'It was terrific working with Madeline, who has such a wide range of talents and skills, and who thinks so clearly and creatively. I sincerely hope that she learned as much from the experience as I did. The presentation about Conference Branding Essentials that Madeline gave as one of the outcomes of the Program was outstanding, and the number of people who attended and the questions asked showed how valuable it was to our colleagues across a range of departments in the Faculty of Arts and Education.'
Madeline herself says, 'having Elizabeth as a mentor to discuss problems and roadblocks has helped me to gain perspective and pinpoint actions to change them into a positive. This advice has been the most appreciated aspect of the last few months and I have found the mentoring process to be a genuinely positive experience. The chance to present as well as interact with staff from other areas of the University has been a valuable aspect of this program.'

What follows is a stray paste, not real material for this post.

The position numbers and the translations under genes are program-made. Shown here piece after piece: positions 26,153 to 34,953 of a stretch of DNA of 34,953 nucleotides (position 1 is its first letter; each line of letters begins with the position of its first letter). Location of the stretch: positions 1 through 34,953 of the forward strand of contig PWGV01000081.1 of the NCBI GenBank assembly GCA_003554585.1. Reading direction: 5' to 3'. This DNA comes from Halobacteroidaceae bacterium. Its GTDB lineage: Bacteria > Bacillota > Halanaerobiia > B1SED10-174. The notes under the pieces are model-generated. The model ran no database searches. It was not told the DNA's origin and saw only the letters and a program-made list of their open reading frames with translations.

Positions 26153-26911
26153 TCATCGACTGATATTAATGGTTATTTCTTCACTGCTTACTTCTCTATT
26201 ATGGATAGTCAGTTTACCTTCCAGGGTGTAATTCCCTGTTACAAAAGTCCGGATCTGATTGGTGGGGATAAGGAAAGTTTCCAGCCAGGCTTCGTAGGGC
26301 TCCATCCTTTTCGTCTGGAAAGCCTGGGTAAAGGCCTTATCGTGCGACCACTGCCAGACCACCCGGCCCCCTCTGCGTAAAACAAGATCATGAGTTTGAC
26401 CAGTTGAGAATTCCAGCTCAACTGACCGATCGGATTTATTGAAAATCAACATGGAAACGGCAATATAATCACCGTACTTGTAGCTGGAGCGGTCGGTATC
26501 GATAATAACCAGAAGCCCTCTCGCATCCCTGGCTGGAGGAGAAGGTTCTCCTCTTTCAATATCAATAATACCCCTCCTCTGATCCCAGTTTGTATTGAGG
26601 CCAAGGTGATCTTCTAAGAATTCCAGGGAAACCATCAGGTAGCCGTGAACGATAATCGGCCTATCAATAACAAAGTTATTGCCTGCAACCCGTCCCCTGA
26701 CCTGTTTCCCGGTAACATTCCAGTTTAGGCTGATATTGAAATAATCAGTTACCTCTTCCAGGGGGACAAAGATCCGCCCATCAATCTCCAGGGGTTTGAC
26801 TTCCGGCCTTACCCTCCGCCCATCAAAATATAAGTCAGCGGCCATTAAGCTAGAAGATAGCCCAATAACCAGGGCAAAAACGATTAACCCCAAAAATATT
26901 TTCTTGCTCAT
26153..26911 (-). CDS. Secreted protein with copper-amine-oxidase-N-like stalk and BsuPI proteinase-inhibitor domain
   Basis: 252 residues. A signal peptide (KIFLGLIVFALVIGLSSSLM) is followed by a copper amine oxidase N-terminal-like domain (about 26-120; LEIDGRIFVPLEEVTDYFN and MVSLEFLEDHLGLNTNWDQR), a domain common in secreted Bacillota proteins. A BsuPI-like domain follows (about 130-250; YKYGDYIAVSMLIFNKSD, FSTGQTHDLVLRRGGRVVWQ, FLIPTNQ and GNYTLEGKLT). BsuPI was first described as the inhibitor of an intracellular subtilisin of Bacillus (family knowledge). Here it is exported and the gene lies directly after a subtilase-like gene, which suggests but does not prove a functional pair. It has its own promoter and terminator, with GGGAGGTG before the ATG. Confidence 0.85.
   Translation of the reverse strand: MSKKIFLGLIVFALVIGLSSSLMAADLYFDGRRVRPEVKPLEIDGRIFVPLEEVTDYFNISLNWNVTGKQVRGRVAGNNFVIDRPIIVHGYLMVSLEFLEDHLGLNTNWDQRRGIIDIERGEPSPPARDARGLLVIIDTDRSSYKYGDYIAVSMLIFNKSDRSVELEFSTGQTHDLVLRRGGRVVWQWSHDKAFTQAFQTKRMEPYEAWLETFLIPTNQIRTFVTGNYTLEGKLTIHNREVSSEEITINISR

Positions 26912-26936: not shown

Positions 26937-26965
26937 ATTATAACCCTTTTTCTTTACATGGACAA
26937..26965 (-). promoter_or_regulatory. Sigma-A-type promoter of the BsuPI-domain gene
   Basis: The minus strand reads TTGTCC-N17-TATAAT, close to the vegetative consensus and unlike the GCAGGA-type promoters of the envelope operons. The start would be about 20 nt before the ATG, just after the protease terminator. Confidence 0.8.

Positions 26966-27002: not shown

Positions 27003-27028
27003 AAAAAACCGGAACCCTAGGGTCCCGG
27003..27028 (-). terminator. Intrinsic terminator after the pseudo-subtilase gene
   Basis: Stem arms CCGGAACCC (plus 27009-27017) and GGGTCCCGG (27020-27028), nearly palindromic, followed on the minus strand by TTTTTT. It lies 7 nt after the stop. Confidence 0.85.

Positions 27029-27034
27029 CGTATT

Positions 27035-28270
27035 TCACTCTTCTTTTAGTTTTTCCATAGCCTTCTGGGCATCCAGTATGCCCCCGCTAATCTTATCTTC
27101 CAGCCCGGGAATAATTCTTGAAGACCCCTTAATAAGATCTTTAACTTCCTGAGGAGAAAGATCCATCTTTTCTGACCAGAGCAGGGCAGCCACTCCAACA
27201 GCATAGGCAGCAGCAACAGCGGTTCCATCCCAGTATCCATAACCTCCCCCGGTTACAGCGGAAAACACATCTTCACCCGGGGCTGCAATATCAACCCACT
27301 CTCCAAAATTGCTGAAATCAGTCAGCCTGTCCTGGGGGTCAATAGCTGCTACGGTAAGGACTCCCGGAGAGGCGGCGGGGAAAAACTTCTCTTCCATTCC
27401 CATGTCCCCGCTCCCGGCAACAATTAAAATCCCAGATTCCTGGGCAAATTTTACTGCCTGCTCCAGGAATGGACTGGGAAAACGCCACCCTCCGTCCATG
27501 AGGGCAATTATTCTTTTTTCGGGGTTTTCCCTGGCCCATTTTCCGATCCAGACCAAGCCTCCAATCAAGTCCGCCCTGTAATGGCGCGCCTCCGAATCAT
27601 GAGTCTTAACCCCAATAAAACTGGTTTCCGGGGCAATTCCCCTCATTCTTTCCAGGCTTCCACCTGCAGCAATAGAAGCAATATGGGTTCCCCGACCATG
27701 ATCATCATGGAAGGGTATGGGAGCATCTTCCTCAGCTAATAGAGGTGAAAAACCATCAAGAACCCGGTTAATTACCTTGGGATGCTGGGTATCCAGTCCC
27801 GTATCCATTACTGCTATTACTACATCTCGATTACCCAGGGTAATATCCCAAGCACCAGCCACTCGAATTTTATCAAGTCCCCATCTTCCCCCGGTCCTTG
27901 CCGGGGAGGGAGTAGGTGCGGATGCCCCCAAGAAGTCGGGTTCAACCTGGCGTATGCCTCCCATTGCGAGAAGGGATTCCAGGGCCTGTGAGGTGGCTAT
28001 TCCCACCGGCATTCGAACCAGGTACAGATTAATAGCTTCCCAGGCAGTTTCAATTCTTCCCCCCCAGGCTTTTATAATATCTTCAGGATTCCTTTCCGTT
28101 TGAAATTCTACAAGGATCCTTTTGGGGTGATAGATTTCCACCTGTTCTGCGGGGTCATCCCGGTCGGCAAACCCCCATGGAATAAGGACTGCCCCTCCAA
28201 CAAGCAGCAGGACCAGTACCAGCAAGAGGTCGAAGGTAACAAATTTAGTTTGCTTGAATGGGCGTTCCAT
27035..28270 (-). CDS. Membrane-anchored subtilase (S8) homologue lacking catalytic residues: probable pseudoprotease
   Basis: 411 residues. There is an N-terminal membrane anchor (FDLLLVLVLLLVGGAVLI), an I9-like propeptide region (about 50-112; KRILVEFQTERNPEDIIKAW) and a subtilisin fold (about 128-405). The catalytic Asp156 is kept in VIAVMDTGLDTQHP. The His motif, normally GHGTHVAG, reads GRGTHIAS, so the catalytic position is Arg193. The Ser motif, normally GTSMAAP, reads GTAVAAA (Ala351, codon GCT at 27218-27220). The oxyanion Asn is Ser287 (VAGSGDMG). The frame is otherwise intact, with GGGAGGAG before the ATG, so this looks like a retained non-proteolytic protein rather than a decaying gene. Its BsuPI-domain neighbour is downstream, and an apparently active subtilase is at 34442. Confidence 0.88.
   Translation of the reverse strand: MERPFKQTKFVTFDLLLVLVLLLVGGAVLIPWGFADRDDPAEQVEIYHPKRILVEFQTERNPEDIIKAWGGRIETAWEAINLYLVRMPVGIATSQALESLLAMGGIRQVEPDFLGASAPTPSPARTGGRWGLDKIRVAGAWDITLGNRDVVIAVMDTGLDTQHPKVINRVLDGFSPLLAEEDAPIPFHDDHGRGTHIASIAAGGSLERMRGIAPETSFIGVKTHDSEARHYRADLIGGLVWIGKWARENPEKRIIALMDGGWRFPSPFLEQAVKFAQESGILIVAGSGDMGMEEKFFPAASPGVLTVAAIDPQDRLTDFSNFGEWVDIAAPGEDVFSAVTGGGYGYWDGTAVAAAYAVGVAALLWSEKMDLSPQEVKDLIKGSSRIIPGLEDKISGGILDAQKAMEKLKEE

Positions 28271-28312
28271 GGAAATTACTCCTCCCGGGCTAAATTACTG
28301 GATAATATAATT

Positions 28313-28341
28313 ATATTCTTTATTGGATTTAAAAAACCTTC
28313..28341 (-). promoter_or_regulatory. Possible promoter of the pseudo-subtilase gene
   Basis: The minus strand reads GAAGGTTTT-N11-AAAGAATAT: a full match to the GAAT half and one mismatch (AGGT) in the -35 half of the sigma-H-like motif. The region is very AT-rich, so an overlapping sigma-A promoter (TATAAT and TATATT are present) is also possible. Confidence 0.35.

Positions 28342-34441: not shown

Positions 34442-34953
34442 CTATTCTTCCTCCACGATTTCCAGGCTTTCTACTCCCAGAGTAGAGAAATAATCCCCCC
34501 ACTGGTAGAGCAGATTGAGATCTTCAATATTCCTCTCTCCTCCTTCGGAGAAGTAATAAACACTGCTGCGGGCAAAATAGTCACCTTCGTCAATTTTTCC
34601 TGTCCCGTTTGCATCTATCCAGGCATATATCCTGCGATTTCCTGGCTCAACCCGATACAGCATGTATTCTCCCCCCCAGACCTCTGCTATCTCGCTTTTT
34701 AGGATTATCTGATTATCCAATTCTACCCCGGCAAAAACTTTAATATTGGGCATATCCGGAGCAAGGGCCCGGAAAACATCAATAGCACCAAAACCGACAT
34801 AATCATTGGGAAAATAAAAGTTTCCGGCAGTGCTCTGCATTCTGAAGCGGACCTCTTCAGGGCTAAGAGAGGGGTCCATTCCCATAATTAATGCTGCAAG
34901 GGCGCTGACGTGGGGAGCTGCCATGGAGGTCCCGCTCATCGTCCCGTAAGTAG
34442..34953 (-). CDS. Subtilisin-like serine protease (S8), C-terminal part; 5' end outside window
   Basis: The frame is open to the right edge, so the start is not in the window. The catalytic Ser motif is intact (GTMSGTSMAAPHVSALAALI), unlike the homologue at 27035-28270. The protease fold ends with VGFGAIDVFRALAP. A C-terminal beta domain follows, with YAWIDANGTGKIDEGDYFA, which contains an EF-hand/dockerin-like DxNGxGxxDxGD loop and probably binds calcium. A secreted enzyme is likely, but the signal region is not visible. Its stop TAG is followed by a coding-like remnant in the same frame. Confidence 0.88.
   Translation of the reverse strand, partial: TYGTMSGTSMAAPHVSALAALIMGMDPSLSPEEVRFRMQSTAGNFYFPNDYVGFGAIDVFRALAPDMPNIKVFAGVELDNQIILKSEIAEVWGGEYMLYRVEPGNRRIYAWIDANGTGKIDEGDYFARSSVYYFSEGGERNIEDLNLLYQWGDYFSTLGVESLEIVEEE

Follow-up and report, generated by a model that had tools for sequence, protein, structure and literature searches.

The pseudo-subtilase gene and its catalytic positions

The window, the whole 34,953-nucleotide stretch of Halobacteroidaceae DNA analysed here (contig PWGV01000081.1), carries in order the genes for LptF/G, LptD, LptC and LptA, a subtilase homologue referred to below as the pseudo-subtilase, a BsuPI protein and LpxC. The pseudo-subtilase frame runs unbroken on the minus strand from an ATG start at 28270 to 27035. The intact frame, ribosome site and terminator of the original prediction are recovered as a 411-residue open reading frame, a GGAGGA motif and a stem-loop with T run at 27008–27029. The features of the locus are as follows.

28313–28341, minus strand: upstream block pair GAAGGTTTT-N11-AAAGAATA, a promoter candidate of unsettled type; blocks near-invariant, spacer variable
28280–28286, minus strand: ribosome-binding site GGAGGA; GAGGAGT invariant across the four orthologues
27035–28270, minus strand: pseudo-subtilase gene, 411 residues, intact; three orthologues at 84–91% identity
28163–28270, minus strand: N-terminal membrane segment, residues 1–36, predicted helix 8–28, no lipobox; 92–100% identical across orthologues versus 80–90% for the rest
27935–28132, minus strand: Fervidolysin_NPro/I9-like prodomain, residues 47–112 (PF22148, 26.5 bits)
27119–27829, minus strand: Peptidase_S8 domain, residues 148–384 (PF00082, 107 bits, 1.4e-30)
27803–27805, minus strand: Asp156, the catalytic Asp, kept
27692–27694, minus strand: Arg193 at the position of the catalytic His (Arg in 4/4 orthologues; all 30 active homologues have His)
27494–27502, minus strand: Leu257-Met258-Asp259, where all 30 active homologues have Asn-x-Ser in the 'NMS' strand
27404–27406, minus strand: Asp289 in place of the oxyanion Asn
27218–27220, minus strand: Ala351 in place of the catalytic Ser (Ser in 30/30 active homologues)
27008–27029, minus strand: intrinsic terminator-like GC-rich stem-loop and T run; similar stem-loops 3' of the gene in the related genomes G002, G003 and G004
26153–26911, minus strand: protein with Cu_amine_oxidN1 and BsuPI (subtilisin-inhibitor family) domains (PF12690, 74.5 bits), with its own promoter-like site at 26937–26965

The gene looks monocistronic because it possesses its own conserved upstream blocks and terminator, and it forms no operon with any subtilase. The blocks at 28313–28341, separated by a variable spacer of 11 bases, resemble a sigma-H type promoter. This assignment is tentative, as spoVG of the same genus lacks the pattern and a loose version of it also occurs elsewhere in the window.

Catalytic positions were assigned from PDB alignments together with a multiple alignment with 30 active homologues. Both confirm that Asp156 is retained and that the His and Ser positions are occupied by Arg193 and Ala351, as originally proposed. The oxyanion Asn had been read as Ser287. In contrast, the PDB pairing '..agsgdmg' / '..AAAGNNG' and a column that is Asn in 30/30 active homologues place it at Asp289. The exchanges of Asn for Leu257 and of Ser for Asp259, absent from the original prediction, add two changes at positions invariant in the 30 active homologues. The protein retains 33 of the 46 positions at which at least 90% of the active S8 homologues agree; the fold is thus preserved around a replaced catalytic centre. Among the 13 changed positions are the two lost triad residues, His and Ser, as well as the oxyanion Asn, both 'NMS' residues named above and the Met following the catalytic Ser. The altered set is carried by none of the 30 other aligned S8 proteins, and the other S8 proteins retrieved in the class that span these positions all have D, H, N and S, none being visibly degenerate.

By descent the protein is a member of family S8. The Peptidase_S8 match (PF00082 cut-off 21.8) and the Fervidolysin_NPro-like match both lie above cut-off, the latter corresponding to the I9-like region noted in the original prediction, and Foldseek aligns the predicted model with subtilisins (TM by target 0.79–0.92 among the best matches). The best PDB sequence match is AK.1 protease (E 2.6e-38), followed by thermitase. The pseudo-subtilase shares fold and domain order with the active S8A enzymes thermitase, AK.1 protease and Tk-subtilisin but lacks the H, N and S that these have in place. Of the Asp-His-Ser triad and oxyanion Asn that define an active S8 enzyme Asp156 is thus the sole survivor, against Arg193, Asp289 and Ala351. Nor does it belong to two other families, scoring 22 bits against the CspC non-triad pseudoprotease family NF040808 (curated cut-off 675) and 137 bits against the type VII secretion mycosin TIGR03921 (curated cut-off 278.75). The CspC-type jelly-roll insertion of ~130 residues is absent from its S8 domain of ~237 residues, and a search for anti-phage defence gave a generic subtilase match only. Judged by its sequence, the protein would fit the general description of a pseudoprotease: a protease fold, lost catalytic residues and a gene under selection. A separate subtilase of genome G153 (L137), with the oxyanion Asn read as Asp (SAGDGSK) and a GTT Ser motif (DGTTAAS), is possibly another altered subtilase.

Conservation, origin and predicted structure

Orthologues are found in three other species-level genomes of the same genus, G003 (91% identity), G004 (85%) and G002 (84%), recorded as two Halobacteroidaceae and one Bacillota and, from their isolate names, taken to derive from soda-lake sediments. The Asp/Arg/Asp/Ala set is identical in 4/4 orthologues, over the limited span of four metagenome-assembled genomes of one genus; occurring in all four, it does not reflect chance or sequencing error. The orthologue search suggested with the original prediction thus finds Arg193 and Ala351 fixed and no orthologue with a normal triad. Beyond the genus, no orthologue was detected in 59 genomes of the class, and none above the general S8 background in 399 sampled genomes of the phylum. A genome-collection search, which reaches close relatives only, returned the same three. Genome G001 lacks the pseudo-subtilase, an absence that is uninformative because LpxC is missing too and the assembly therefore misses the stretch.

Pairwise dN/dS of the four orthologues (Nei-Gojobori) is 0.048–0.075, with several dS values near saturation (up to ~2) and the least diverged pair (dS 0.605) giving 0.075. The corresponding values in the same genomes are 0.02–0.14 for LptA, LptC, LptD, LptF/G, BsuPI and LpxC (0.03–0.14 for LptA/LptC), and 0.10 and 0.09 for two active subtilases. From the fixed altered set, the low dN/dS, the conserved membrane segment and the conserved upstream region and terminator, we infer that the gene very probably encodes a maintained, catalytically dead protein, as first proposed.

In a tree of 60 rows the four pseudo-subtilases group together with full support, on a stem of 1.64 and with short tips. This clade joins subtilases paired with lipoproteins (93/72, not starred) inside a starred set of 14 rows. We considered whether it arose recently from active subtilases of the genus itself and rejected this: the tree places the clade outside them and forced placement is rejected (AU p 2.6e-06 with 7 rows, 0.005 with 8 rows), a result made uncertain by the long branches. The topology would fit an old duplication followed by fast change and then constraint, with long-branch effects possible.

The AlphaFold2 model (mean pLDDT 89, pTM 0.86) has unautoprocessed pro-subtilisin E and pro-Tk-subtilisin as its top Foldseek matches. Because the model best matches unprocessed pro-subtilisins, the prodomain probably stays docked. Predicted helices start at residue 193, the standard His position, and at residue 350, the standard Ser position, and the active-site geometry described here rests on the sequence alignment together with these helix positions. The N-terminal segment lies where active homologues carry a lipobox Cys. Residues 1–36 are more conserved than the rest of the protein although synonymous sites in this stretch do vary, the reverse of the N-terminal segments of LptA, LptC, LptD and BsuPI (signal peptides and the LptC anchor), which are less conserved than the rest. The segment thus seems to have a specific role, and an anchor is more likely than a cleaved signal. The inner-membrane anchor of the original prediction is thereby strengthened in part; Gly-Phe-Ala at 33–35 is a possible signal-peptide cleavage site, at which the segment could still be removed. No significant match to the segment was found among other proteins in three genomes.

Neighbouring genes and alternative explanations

The Centre for Memory, Imagination and Invention was well represented at the 21st Biennial Congress of the International Research Society for Children's Literature, which was held from 10-14 August 2013 at Maastricht University, The Netherlands. The conference theme was 'Children's Literature and Media Cultures'. CMII staff who presented papers at the conference were Professor Clare Bradford (Director), CMII members Dr Liz Bullen and Dr Leonie Rutherford, and Research Fellow Dr Elizabeth Braithwaite. Several postgraduate students who are supervised by CMII members also presented papers: Lara Hedberg, Dylan Holdsworth, Trish Lunt, Anna McCormack, Kate Norman, Tom Sandercock, and Emma Whatman. View the full program from the conference.